As to subsection (C), the court must consider the totality of the evidence when analyzing the best interests of a child. Matter of Ma.H., 134 N.E.3d 41, 49 (Ind. 2019), cert. denied. When deciding best interests, the court makes “[p]erhaps the most difficult” decision in the matter because the question of best interests “necessarily places the [child's] interest in preserving the family into conflict with [the child's] need for permanency.” In re E.M., 4 N.E.3d at 647. A child's “paramount need for permanency” must be a central consideration for the trial court. Id. at 647-48. That is because “children cannot wait indefinitely for their parents to work toward preservation or reunification[.]” Id. Still, “a child's need for immediate permanency is not reason enough to terminate parental rights where the parent has an established relationship with his/her child” and “has taken positive steps ․ toward[ ] reunification,” In re V.A., 51 N.E.3d 1140, 1152 (Ind. 2016), such as through compliance with the case plan, see id.
 As the court recognized, the evidence suggests that Mother loves the Children. Yet, as the court also recognized, a parent's love is not the only germane matter in a termination proceeding. The trial court specifically found—and the evidence supports—that Mother fails to appreciate the role her addiction plays in her ability to adequately parent the Children. For example, the evidence shows that, as of the fact-finding hearing, Mother faced methamphetamine-related charges, and this was not the first time she faced drug-related charges.
 Turning to the Children, DCS presented evidence of positive changes since their placement in foster care: “They've gotten their head right around education, and their classes, and they thrive on getting the good grades and excelling. They're just adventurous. They want to try things. They want to learn things. They've gone from just existing to thriving in the house.” Tr. Vol. 2 at 170. Moreover, the court-appointed special advocate (“CASA”) was concerned about the prospect of the Children returning to Mother's care, citing Mother's “drug use” and the potential for “an unsafe environment for them” due to Mother's on-and-off relationship. Id. at 173. The CASA stated that adoption was in the Children's best interests. In support, the CASA noted that the Children had been “CHINS ․ for over two years now” and, in the CASA's opinion, there had “not really been a lot of progress made.” Id. at 176.
 As to a lack of progress, a family case manager (“FCM”) testified that Mother “continues to use methamphetamine[.]” Id. at 186. The FCM was also concerned that Mother would go back to her abuser, who was “physically, mentally, [and] emotionally abusive” toward Mother: “He's a master manipulator. He leaves bruises on her. He strangles her. Controls everything she does.” Id. The FCM said that her “professional opinion as a DCS caseworker” is that termination is in the Children's best interests. Id. at 190.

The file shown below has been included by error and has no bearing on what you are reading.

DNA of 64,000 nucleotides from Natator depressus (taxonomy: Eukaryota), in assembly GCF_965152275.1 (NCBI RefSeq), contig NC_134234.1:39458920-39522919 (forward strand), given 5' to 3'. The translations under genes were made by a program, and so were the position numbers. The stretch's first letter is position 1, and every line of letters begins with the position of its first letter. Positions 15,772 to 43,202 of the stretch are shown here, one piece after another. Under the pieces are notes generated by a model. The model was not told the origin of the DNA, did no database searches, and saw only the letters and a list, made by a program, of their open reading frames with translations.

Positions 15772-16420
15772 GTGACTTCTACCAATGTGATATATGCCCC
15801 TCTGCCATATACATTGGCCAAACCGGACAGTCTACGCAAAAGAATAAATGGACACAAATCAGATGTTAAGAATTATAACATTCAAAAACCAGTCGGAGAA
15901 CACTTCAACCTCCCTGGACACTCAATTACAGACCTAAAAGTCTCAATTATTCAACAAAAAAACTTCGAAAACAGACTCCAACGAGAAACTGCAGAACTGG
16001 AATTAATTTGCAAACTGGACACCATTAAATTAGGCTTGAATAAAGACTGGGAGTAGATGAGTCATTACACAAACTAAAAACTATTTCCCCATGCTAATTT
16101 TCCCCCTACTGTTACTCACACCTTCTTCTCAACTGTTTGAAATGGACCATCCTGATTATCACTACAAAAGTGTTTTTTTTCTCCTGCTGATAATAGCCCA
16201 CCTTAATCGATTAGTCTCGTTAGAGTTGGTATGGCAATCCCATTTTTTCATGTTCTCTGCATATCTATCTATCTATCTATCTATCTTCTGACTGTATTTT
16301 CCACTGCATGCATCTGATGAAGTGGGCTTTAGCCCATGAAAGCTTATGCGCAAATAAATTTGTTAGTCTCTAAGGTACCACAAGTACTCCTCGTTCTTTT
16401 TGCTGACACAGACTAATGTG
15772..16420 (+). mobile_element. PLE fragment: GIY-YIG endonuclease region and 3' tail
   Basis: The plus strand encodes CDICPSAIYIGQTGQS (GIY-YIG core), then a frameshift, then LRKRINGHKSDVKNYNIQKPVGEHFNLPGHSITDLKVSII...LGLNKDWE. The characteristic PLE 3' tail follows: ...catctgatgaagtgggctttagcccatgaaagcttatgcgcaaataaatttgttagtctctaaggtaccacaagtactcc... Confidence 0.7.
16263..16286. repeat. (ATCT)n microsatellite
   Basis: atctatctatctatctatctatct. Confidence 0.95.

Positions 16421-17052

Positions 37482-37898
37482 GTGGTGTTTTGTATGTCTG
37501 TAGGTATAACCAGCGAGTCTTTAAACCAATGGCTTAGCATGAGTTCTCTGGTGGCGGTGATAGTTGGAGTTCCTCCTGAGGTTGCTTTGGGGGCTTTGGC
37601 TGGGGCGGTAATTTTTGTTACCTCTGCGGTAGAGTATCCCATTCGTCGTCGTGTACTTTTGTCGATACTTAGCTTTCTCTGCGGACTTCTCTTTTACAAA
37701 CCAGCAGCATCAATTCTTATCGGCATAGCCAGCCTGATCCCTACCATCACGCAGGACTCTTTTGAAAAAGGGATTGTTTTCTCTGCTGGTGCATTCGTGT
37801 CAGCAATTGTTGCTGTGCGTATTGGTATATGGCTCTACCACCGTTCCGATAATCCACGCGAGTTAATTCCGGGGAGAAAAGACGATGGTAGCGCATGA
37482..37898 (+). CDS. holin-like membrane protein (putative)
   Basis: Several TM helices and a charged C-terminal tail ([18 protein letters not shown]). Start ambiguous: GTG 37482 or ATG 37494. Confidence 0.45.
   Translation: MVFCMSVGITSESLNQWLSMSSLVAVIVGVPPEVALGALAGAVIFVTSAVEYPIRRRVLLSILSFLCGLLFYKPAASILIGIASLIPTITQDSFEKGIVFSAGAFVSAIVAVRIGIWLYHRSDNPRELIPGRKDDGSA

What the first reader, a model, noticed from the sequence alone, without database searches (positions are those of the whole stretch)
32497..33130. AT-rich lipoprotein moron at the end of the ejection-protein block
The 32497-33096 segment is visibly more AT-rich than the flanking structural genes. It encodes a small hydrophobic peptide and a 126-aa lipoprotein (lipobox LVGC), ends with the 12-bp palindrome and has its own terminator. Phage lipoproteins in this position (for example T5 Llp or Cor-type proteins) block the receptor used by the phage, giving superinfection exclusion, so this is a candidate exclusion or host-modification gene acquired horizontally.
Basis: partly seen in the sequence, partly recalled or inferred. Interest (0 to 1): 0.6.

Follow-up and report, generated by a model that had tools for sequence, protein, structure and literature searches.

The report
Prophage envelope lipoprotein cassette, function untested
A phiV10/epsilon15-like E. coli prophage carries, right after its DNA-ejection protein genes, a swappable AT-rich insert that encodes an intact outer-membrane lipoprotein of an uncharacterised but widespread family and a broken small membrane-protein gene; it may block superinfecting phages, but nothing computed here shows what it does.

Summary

On appeal, Mother states that she “has to concede that numerous DCS[ ] witnesses testified that they believed it to be in the Children's best interest for parental rights to be terminated.” Br. of Appellant at 22. At the same time, Mother maintains that “despite her past criminal history; drug history; and choice of significant other, Mother has the means to provide adequate drug-free housing, stability, safety and supervision for the Children.” Id. Mother ultimately asserts that, “despite the testimony in favor of termination,” it is “not in the Children's best interest to terminate [the] parent-child relationship.” Id.
 We must again reject Mother's request to reweigh the evidence. All in all, the record contains sufficient evidence supporting the trial court's finding that terminating the parent-child relationship is in the best interests of the Children.
(D): Satisfactory Plan
 As to this last subsection, the plan for a child “need not be detailed, so long as it offers a general sense of the direction in which [a] child will be going after the parent-child relationship is terminated.” In re D.D., 804 N.E.2d 258, 268 (Ind. Ct. App. 2004), trans. denied. It is also well-settled that adoption is a satisfactory plan. E.g., In re B.M., 913 N.E.2d 1283, 1287 (Ind. Ct. App. 2009).
 Here, the court found that there is a satisfactory plan for the Children, noting that the plan is adoption. As to record support, although Mother concedes that “[n]umerous DCS witnesses testified that the plan for the [C]hildren was adoption,” Br. of Appellant at 22, Mother argues for maintaining the status quo and asserts that doing so would be a “very satisfactory plan,” id. at 23.
 Because there is evidence of a plan of adoption—a satisfactory plan—there is sufficient evidence supporting the trial court's finding under subsection (D).
 Sufficient evidence supports the order terminating Mother's parental rights.
1. The trial court also terminated the parental rights of S.E., who does not actively participate on appeal.
2. Because documents for C.E. and L.E. are substantially the same, we generally cite only to those for C.E.
Mathias, J., and Altice, J., concur.
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Docket No: Court of Appeals Case No. 21A-JT-1999
Decided: February 16, 2022
Court: Court of Appeals of Indiana.